3) Our colleagues in Delhi may issue a press note on behalf of National Campaign, congratulating Congress party for its stand, and appealing for disclosures without discretion to Returning Officers to verify the accuracy of information furnished.
4) We need to finalize the composition of the delegation to the President, so that a list can be furnished to Rashtrapathi Bhavan on Monday. The following may please confirm their availability or otherwise to meet the President at 12-30 hrs on 16th August (to be available by 12 Noon):
A Representative of ADR (Name to be specified)
Admiral Tahiliani (Transparency International)
Justice Rajendra Sachar (PUCL)
Sri Kuldip Nayar MP
Sri B G Deshmukh (AGNI)
Gen. Vinod Saighal (Movement for Good Governance)
Dr N Bhaskara Rao (CMS)
Ms Aruna Roy (MKSS)
A Representative of Catalyst Trust, Chennai (Name to be specified)
Sri Jagadananda (CYSD, Orissa)
Prof. Manubhai Shah (CERC)
Sri P M Tripathi (AVARD)
Prof. Samuel Paul (PAC)
Sri Ramesh Ramanathan ( Jannagraha)
Dr. PV Shenoi (Bangalore)
Sri S D Sharma (Lok Seva Sangh)
Sri K C Sivaramakrishnan (former civil servant)
Ms Maja Daruwala (CHRI)
Dr PM Bhargava (former Director, CCMB)
Dr Jayaprakash Narayan (Lok Satta)
Rashtrapathi Bhavan wants the names latest by Monday. I would greatly appreciate confirmations immediately.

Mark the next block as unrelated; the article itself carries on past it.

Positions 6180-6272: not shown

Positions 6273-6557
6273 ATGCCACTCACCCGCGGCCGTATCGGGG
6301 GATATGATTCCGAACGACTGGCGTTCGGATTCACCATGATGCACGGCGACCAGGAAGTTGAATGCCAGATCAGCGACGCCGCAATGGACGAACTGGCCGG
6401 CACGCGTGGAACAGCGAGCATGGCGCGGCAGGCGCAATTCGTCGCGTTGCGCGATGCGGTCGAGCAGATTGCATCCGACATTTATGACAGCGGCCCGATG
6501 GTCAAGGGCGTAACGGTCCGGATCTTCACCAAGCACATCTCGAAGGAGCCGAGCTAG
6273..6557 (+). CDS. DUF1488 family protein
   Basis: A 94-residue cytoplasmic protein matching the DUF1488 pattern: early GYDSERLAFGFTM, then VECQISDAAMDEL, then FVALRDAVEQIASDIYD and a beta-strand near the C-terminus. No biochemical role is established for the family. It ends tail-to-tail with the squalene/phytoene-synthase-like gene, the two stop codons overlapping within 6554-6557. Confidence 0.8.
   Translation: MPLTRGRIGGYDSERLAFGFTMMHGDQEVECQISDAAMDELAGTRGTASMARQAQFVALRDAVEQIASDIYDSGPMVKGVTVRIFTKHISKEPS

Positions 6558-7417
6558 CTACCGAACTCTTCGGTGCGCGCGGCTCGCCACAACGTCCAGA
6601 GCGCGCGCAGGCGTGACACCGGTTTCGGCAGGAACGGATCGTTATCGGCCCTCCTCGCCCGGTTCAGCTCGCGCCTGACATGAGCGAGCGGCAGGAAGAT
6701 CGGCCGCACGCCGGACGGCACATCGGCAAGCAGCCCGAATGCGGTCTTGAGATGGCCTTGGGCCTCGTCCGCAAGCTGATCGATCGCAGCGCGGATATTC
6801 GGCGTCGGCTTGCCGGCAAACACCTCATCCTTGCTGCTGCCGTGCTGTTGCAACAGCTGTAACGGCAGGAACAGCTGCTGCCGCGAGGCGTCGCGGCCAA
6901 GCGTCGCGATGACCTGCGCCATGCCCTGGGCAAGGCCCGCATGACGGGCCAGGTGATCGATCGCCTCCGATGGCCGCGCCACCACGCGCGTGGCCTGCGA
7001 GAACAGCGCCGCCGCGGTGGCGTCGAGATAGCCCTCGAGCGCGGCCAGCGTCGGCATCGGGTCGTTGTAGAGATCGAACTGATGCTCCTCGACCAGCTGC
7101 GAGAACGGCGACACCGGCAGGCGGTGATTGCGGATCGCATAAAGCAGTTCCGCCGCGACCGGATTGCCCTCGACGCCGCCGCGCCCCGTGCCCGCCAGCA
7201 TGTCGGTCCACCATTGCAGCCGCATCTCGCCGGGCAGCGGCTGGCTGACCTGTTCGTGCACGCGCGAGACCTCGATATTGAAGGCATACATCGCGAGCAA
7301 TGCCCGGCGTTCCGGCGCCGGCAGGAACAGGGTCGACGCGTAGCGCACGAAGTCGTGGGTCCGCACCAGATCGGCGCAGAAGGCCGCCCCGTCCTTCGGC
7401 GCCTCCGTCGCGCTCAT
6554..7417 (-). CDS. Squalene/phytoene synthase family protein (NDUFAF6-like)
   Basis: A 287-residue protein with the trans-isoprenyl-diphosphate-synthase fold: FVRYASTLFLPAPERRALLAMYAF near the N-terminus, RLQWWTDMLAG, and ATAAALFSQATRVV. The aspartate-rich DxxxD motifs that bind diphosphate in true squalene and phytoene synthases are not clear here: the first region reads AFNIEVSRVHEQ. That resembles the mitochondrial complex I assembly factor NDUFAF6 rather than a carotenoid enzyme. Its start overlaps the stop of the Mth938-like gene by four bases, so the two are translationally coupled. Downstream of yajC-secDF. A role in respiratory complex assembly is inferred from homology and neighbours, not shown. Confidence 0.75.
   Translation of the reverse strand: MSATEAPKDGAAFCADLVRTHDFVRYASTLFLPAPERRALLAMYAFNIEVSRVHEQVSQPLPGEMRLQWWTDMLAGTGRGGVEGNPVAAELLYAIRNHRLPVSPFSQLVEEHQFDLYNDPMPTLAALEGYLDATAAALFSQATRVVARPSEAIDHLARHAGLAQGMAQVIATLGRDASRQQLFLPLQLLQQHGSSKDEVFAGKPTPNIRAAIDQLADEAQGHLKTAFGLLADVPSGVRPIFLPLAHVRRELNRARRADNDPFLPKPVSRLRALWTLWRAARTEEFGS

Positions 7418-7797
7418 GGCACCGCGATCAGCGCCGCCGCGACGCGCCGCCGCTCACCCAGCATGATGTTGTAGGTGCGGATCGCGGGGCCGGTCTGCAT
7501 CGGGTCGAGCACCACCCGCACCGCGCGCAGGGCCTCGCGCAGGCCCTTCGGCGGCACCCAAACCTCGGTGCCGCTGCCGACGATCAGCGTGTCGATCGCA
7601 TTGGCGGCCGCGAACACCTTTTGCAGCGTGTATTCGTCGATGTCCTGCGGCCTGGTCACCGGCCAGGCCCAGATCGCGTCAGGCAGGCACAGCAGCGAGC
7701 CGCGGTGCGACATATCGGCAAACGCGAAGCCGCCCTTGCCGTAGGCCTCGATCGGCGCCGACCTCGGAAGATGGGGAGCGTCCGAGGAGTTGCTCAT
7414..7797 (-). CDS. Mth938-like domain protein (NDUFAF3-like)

With warm regards,
A Note on Candidate Disclosures and The Representation of the
People (Amendment) Bill - 2002
1. The issue of disclosures is linked with the citizens' right to know about candidates – enshrined as a fundamental right under Article 19 of the Constitution.
2. The objective of disclosure is to give information to voters in order to ensure transparency, encourage public scrutiny of candidates' antecedents and record, and in general promote healthy and informed choice of candidates by parties and voters.
3. Disclosures, therefore are necessary. But Returning Officer's discretion to verify the accuracy of disclosures and to reject the nomination for false disclosures is impractical. The apprehensions of political parties that this discretion may be misused are perfectly understandable. Para 14(4) of the Election Commission's order which provides for such rejection of nomination upon verification by Returning Officer needs to be deleted.
The Election Commission's orders were given under the inherent powers of supervision, direction and control of elections vested in the Commission under Article 324. Rejection of nominations for non-disclosure is well within the jurisdiction of the Commission, as the affidavit containing disclosures is a necessary part of the nomination. But verification of disclosures and rejection of nomination on the basis of the conclusion that there is substantial defect in the nomination can be done only if the Representation of the People Act, 1951 or the Conduct of Election Rules, 1961 provide for that.